Scientists find how the brain gains from subconscious stimuli


Researchers discover how the brain learns from subconscious stimuli The ventral tegmental area consists of, among others, cells that produce dopamine. Credit: Neuron Researchers discovered for the first time what occurs in animals ‘brains when they learn from subconscious, visual stimuli. In time, this understanding can cause brand-new treatments for a variety of conditions. The research study, a collaboration in between KU Leuven, Massachusetts General Medical Facility, and Harvard was published in Neuron.

A knowledgeable birdwatcher acknowledges a lot more information in a bird’s plumage than the normal individual. Thanks to comprehensive training, he or she can recognize specific functions in the plumage. This knowing procedure is not only dependent on mindful processes. Previous research study has actually revealed that when people are rewarded during the discussion of visual stimuli that are not purposely perceivable, they can still view these stimuli later on.

Although this is a known phenomenon, scientists were uncertain as to how exactly this unconscious perceptual knowing comes about. To discover, Professor Wim Vanduffel and coworkers studied the brains of 2 rhesus monkeys prior to and after they were exposed to subconscious visual stimuli.


The researchers triggered part of the benefit system at the base of the brain stem, the ventral tegmental location. This includes cells that produce dopamine, a molecule that is likewise released when you get a benefit. “Dopamine is an important messenger molecule of our motor and reward systems, and is extremely essential for learning and enjoyment,” states Vanduffel. Triggering the forward tegmental area launched dopamine, to name a few things. “By promoting the brain area directly, we can causally connect the activity in that area to understanding or complex cognitive behavior,” discusses Vanduffel.

While the brain location was triggered, the monkeys were shown essentially unnoticeable images of human faces and bodies. Because the images were very blurred and the monkeys needed to perform a very various and difficult task at the same time, they might not knowingly perceive these images. The very same process was followed during the control tests, however the brain was not promoted.

When the monkeys got subconscious visual stimuli while the ventral tegmental location was stimulated, they knew information about those images afterwards. For instance, they knew whether the bodies shown were relied on the left or to the right. This was not the case when there had actually been no brain stimulation.

“Thanks to this experiment, we can demonstrate for the first time a direct causal relationship in between this brain region and, as a result, also the likely link in between dopamine and the subconscious knowing of intricate visual stimuli.”

The scientists also made a brain scan of the animals before and after the test. “We can see the blood flow in the brain, which provides a sign of which nerve cells are active. The more blood flow, the more activity,” explains Vanduffel. The scans revealed that the job triggered activity in the visual cortex of the brain and in areas crucial for memory. “With this information, we can focus to find out what is occurring exactly at a neuronal level in these brain locations, in future experiments.”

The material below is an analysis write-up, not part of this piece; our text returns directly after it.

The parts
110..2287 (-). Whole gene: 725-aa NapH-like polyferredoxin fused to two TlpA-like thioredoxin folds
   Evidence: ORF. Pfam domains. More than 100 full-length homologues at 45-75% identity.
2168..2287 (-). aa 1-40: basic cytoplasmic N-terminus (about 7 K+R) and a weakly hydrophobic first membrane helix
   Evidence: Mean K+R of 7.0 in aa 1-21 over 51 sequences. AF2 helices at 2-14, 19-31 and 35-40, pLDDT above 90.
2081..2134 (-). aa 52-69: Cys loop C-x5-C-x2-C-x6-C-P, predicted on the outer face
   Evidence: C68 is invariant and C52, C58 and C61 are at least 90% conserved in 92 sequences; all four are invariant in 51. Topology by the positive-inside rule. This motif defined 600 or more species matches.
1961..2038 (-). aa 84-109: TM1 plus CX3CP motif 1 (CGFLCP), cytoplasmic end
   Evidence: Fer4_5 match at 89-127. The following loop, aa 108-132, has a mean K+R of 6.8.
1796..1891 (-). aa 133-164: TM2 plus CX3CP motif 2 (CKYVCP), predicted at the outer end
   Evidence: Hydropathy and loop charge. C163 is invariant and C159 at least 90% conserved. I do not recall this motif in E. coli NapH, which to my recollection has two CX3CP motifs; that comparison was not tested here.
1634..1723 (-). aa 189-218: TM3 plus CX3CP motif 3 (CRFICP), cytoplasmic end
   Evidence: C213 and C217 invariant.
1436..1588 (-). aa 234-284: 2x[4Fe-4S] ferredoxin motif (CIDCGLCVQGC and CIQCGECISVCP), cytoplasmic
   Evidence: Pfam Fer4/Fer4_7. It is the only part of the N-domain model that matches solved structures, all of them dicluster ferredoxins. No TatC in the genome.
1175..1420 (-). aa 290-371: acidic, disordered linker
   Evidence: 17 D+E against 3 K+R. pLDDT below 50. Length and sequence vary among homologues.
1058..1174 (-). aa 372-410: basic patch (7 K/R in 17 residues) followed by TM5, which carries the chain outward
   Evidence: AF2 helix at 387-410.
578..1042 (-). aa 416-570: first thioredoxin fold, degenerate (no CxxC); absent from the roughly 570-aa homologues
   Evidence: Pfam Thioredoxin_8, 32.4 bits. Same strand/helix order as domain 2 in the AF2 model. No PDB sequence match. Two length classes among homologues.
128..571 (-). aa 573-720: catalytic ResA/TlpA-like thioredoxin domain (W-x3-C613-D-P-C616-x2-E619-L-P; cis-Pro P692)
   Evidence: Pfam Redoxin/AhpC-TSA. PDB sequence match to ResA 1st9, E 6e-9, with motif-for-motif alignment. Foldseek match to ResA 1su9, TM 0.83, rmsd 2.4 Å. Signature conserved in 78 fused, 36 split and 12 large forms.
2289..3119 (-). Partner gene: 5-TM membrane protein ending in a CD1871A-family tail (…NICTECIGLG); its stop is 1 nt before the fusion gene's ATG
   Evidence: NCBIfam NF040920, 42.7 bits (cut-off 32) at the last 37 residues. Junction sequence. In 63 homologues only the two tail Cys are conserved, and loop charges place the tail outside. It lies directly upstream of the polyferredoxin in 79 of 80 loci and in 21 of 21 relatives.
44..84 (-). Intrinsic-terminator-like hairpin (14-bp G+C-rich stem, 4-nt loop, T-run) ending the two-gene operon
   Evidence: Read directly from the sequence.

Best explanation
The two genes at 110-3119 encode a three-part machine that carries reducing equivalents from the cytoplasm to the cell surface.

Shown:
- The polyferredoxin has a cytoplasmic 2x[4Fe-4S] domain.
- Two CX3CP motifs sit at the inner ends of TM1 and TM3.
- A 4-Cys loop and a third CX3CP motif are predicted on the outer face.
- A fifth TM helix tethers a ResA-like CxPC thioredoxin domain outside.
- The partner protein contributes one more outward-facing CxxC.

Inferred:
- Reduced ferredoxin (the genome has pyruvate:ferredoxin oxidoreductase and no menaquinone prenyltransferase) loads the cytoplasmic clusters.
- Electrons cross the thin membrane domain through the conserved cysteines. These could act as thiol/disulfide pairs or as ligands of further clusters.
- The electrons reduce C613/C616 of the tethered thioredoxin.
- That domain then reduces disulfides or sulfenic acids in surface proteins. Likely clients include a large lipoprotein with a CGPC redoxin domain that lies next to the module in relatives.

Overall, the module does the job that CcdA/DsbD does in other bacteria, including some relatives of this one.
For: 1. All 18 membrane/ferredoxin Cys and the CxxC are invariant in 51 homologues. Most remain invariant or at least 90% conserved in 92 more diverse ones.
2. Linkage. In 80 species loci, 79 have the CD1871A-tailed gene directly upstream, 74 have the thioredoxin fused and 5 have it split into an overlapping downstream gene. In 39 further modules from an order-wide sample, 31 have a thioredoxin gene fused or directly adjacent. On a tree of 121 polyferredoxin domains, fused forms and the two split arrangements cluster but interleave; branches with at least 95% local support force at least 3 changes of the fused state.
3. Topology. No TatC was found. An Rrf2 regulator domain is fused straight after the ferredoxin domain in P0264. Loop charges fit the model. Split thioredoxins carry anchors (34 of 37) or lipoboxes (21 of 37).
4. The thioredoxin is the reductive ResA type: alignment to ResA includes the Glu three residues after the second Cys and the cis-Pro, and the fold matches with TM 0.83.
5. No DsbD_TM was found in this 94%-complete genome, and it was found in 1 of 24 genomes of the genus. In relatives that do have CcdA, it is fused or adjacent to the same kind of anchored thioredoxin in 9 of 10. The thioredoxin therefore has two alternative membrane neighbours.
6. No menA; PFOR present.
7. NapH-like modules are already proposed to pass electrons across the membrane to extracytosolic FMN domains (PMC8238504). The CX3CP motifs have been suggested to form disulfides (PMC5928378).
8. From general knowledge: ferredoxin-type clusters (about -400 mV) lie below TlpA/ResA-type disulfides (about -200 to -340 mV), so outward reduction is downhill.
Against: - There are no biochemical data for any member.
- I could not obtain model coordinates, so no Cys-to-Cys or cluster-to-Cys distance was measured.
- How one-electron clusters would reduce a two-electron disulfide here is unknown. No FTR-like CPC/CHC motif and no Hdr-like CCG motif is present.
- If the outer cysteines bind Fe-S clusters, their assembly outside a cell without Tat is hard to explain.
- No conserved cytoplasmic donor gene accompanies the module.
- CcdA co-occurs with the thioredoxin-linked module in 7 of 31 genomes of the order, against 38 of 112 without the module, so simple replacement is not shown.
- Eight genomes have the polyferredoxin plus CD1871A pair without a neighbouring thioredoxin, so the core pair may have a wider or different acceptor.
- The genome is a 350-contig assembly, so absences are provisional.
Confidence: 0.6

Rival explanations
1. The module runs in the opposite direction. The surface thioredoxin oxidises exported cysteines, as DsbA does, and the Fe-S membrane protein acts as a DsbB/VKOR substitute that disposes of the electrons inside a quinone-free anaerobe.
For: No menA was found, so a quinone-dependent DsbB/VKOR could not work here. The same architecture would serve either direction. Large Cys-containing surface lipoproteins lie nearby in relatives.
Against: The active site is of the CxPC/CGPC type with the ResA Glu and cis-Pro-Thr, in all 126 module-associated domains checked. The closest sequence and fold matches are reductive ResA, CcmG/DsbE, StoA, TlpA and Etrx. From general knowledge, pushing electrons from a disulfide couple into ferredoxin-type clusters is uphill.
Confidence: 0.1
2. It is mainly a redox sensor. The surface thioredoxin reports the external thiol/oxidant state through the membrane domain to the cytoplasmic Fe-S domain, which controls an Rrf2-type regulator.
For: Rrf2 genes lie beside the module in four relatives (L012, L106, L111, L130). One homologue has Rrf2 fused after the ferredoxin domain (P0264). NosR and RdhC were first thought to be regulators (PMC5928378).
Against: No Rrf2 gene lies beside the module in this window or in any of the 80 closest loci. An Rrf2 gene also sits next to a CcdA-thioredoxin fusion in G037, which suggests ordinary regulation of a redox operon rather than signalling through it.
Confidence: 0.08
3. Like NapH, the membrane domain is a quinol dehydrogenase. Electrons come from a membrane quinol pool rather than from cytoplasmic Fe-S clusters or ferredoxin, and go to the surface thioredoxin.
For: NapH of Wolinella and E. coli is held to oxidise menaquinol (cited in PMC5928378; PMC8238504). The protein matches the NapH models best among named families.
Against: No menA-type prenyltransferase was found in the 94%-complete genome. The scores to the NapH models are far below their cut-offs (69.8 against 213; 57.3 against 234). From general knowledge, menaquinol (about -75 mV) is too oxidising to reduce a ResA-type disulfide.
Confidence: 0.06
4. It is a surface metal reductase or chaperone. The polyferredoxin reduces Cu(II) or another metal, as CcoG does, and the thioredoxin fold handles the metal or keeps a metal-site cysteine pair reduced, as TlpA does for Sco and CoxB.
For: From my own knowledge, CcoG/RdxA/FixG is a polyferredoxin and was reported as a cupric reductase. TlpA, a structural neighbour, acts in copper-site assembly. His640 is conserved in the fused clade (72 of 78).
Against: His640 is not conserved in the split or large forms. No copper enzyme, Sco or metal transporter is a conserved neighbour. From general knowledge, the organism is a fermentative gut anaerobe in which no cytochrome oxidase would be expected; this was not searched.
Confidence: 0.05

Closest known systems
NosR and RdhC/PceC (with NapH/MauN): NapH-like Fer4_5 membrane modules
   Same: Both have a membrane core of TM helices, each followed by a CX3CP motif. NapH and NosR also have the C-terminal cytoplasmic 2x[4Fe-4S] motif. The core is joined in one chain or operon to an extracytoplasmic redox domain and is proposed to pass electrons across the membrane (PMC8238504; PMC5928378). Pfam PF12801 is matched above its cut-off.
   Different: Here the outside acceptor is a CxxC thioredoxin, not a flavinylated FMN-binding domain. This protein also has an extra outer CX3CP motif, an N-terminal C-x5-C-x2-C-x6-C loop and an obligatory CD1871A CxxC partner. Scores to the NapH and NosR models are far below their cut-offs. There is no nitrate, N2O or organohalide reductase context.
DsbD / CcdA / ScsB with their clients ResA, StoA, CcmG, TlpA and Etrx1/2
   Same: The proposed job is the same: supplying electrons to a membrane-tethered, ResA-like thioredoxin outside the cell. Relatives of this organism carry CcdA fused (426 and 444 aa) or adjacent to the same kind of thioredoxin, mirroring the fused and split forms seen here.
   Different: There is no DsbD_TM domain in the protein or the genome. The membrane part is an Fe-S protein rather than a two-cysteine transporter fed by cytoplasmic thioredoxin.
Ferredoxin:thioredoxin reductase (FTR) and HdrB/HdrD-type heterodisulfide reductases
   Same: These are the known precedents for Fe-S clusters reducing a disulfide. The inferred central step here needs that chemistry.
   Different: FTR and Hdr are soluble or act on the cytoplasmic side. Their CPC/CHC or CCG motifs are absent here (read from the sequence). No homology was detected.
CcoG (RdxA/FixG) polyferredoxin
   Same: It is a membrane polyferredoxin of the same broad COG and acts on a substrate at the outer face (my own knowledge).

“Given that Freud’s insights in the 20th century, the clinical community has actually been questioning how subconscious sensations can impact us. Thanks to today awareness that there is a strong resemblance between human beings and monkeys, and new and innovative technologies, we can lastly map such procedures physiologically.”

Parkinson’s disease

Disturbances in the dopaminergic system can lead to various psychiatric and motor disorders, such as depression, addiction and Parkinson’s illness. A better understanding of how this system works, in different kinds of learning, is therefore important to developing targeted treatments for these conditions.

“Parkinson’s is a motor disorder and is triggered by dopamine-producing neurons passing away off. However, current dopamine treatments may produce side effects due to the fact that they likewise set off the entire benefit system, which not just lowers motor symptoms but can likewise result in addicting habits.” Essential research into the functioning of these brain areas will ultimately cause more targeted treatments with fewer adverse effects.


This insight is likewise useful in circumstances such as trauma, aging or oncological problems where an increase in brain plasticity, i.e. the ability to change, could be extremely helpful. “By stimulating locations of the brain that produce dopamine, we could, for instance, enable people to regain their speech more quickly or enhance their motor abilities after a mishap or disease. This might even be done through medication, although we are still a long way from that,” discusses Vanduffel.

Insights about our brain and the conditions under which we and other primates visually form our world are for that reason important, because, as Vanduffel concludes: “you need to understand how a vehicle’s engine works before you can repair an issue with it.”

Scientists reversibly disable brain pathway in primates More details: Sjoerd R. Murris et al, Electrical stimulation of the macaque forward tegmental location drives category-selective learning without attention, Neuron (2021 ). DOI: 10.1016/ j.neuron.2021.02.013

Citation: Researchers find how the brain learns from subconscious stimuli (2021, March 15) retrieved 15 March 2021 from

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